Getting Started With PANDAS

Introduction

  • Pandas is the most popular open-source Python library.
  • It is mainly used for Data Analysis.
  • This is a High-Level Data Manipulation Tool.
  • Pandas deals with data structures: Series and DataFrame
  • A one-dimensional data structure is called a Series.
  • A multi-dimensional data structure is called a DataFrame.
  • These data structures are built on the NumPy package (You may refer to my article about NumPy ).
  • The Key Data structure is DATAFRAME (Tabular Data).
  • Data in Pandas is often used to feed statistical analysis in SciPy (Refer to my article about SciPy), or plotting functions from Matplotlib(Refer to my article about MatplotLib).
  • Installing Pandas:

    pip install pandas



  • After installation, you need to import the package as well to start using it.

    import pandas as pd

  • Pandas is used to handle missing data, merging, concatenate, and reshaping the data, etc.
Did You Know??
 
Pandas stand for Panel Data; it was originated with this idea of Panel Data which means Mathematical Methods for Multidimensional Data.
 
Panel is a 3D labeled array; this is also one of the data structures in Pandas but rarely used.
 

What is a Series?

  • It is a one-dimensional labeled array, which returns an object in the form of a list. You can say that a Series is a type of list.
  • It contains a single axis index
  • So, series can only contain a list with an index.
  • Series are size immutable (You cannot change their sizes)
In layman terms, it is a list of contents or you can say 1D array, which looks like:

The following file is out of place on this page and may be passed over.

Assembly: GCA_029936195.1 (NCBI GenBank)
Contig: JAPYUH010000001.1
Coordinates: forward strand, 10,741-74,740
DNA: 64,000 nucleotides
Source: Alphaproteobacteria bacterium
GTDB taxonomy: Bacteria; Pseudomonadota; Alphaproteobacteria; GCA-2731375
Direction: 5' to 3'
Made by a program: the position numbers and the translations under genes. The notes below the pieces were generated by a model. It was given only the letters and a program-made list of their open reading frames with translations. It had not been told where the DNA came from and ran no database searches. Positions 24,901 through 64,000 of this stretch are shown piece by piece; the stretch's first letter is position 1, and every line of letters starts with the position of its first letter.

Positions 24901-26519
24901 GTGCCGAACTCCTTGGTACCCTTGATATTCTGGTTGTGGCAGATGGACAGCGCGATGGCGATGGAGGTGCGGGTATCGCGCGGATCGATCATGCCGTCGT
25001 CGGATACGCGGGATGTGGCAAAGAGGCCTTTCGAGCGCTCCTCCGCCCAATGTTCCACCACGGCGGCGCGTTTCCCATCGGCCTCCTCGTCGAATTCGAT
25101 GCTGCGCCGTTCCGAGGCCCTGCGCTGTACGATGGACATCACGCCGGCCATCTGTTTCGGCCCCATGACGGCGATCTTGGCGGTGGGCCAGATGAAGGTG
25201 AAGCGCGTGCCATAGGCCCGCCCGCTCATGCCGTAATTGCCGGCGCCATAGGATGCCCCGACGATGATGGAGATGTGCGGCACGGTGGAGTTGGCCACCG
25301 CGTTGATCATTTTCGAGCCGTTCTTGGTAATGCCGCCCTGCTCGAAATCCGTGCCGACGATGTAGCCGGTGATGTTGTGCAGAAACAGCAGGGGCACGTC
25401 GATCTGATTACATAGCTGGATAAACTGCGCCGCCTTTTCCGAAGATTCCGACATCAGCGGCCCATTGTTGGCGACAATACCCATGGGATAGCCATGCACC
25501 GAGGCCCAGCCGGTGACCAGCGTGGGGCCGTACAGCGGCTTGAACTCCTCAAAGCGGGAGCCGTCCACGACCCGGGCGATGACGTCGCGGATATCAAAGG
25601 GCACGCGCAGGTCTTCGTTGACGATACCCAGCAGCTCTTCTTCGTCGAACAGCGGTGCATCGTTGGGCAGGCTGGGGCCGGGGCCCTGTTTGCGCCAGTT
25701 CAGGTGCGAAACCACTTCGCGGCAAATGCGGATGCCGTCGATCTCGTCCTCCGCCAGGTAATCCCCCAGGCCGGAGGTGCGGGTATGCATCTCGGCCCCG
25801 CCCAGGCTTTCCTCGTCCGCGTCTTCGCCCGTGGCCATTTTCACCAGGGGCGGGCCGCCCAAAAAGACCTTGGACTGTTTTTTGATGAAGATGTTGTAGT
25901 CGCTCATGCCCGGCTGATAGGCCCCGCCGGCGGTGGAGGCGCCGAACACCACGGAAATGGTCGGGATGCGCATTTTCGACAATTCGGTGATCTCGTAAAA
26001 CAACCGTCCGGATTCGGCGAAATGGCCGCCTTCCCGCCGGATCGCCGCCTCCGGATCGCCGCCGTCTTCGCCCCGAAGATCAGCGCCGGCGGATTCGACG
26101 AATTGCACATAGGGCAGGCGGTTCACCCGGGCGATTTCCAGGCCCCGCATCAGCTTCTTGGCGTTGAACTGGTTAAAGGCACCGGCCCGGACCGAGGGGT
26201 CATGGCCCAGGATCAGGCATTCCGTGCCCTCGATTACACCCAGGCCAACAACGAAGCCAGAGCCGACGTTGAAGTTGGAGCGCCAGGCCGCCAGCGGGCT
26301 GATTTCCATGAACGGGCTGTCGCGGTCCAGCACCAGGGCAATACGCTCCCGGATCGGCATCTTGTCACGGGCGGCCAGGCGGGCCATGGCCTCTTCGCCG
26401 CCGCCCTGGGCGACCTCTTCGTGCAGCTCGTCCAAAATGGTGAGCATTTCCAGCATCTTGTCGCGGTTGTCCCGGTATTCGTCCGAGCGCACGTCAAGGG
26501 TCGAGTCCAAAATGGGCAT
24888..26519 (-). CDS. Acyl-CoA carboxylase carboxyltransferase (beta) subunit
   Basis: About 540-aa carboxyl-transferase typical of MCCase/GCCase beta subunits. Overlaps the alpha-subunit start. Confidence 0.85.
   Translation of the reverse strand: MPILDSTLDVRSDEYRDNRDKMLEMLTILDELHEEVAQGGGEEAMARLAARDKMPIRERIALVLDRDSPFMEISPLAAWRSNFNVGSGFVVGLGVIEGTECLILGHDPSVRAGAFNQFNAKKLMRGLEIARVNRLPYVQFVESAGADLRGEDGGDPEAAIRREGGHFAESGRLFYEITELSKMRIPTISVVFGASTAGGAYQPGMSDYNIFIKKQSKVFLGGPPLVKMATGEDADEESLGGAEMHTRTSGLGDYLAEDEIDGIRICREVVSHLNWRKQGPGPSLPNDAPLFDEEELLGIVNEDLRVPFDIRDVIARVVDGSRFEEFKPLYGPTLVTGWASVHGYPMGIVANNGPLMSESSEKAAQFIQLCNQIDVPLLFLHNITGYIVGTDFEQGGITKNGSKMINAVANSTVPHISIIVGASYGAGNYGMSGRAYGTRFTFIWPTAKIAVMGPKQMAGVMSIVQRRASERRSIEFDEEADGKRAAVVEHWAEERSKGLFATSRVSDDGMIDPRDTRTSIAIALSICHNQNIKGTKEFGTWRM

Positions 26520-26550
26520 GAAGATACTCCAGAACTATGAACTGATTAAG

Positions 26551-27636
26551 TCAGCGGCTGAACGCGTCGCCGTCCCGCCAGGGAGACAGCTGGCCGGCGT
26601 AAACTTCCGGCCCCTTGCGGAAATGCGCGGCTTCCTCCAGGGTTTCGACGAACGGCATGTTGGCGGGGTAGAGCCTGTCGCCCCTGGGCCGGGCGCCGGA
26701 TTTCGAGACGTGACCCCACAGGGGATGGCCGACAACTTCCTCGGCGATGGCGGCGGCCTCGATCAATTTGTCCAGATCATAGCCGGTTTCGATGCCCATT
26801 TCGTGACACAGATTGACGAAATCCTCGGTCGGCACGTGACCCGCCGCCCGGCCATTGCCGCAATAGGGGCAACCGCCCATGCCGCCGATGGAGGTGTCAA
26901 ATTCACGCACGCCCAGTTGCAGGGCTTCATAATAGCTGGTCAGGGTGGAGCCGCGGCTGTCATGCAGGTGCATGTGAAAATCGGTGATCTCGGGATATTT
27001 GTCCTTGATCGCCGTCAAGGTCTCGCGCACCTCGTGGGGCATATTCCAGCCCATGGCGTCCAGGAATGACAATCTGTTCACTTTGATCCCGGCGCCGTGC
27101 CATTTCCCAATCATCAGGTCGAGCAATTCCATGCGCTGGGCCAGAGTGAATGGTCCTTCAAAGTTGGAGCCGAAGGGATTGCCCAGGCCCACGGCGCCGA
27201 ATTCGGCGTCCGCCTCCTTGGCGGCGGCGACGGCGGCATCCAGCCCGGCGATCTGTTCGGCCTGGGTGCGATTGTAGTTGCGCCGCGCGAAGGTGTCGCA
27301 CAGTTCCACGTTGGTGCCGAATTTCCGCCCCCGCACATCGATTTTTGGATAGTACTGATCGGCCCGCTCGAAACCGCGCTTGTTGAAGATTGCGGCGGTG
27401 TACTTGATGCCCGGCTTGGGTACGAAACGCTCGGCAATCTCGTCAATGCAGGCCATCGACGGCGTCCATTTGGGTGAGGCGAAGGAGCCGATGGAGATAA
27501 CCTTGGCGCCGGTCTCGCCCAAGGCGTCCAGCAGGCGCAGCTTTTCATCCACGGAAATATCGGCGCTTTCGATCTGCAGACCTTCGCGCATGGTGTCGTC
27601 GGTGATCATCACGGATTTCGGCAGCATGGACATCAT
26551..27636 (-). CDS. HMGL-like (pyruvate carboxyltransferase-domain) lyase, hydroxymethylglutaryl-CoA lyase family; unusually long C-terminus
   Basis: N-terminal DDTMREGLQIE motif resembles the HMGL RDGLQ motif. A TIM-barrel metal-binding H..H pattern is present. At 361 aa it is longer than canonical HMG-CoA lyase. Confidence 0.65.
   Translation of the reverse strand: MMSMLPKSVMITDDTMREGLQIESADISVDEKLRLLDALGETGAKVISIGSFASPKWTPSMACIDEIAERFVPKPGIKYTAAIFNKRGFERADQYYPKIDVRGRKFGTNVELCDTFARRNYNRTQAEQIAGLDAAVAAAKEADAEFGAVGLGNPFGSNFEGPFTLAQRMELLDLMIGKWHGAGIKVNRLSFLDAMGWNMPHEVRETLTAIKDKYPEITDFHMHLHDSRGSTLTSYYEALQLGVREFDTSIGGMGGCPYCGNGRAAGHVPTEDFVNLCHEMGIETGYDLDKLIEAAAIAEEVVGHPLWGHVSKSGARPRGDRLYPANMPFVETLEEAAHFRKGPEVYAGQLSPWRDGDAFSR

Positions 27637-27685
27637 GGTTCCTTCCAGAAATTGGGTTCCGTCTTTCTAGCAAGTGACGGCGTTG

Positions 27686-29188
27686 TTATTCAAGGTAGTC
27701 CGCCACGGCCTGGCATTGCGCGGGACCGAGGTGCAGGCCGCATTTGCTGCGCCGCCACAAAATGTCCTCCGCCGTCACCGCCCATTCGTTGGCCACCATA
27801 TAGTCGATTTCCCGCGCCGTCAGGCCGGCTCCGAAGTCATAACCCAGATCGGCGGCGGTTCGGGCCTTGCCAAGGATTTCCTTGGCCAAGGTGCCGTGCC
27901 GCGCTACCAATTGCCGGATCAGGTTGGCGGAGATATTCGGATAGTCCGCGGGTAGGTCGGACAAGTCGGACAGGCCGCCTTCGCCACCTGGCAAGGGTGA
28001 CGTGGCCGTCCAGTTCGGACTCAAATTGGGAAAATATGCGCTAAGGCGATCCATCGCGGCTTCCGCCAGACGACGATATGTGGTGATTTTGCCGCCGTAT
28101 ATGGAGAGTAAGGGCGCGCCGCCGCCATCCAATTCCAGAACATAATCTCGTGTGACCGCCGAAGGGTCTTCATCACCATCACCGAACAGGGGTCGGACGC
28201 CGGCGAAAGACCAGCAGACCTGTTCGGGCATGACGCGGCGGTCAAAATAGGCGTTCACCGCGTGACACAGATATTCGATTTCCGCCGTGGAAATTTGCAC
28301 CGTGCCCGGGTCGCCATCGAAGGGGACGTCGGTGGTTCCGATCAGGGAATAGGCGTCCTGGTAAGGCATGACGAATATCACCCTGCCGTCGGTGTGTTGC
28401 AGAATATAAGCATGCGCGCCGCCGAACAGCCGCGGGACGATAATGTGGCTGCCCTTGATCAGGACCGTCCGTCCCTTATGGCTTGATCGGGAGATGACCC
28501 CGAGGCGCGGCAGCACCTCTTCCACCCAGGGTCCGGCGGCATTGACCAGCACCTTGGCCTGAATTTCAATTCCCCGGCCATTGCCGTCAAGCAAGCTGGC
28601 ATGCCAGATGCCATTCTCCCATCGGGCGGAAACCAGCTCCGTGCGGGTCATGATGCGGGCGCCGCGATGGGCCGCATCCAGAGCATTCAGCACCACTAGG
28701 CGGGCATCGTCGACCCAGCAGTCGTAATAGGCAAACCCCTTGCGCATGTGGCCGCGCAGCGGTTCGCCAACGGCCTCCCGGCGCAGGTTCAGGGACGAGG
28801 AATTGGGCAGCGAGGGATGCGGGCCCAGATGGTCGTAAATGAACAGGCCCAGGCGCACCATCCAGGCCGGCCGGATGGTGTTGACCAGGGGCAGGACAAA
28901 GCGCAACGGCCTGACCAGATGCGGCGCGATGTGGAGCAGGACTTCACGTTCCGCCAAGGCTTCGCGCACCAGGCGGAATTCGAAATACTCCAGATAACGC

Creating a simple Series (as shown in the picture above)
  1. import pandas as pd    
  2.     
  3. series_data = [10, 'a''19462''Alpha',0.255,'B',90,'Beta','zzzz',10000]    
  4. series_output = pd.Series(series_data)    
  5. print(series_output)    
Output
 
 
Creating a Series from Numpy Array
  1. import pandas as pd    
  2. import numpy as np    
  3.     
  4. list_of_series = np.array(['alpha',58911,'b',0.525])    
  5. series_example = pd.Series(list_of_series)    
  6. print(series_example)    
Output
 
 

What is a DataFrame?

  • A DataFrame is a 2D labeled array, which stores an ordered collection column. These columns can store data of different types.
  • It contains 2 axes or indexes; row index and column index.
  • DataFrames are size mutable (You can change their sizes)
In layman terms, it is a table of contents (Collection of Series), which looks like the following:
Creating a simple DataFrame (As in the picture above)
  1. import pandas as pd    
  2.     
  3. data = [[85,60,90,95],[73,80,64,87],[98,58,74,92]]    
  4. df = pd.DataFrame(data,columns=['English','Math','Science','French'],    
  5.                              index=['2018','2019','2020'])    
  6. print(df)    
Output
 
 
Creating a DataFrame from Numpy Array
  1. import pandas as pd    
  2. import numpy as np    
  3.     
  4. list_of_dataframe= [[1.055,'beta'],['a',4]]    
  5. df= pd.DataFrame(list_of_dataframe)    
  6. print("Dataframe:")    
  7. print(df)   
Output
 
 
Creating a Numpy Array from Pandas (Series/DataFrame)
  1. import pandas as pd    
  2. import numpy as np    
  3.     
  4. list_of_series= (['alpha',58911,'b',0.525])    
  5. s= pd.Series(list_of_series)    
  6. numpy_array=np.array(s)    
  7. print("Numpy Array from Series:")    
  8. print(numpy_array)    
  9. print("\n")    
  10.     
  11. list_of_dataframe= [[1.055,'beta'],['a',4]]    
  12. df= pd.DataFrame(list_of_dataframe)    
  13. numpy_array=np.array(df)    
  14. print("Numpy Array from DataFrame:")    
  15. print(numpy_array)     
Output
 
 

Summary

 
In this article, we discussed Pandas and learned what is Pandas, what is a Series, what are DataFrames, and how to install/import Pandas. This article was just to give you a basic idea. If you still have any issues regarding creating a DataFrame or anything else, don't worry! In my next article, we will learn about “Creating DataFrames” in different ways and will go deeper to learn more about DataFrames.
 
Feedback or queries related to this article are most welcome.
 
Thanks for reading.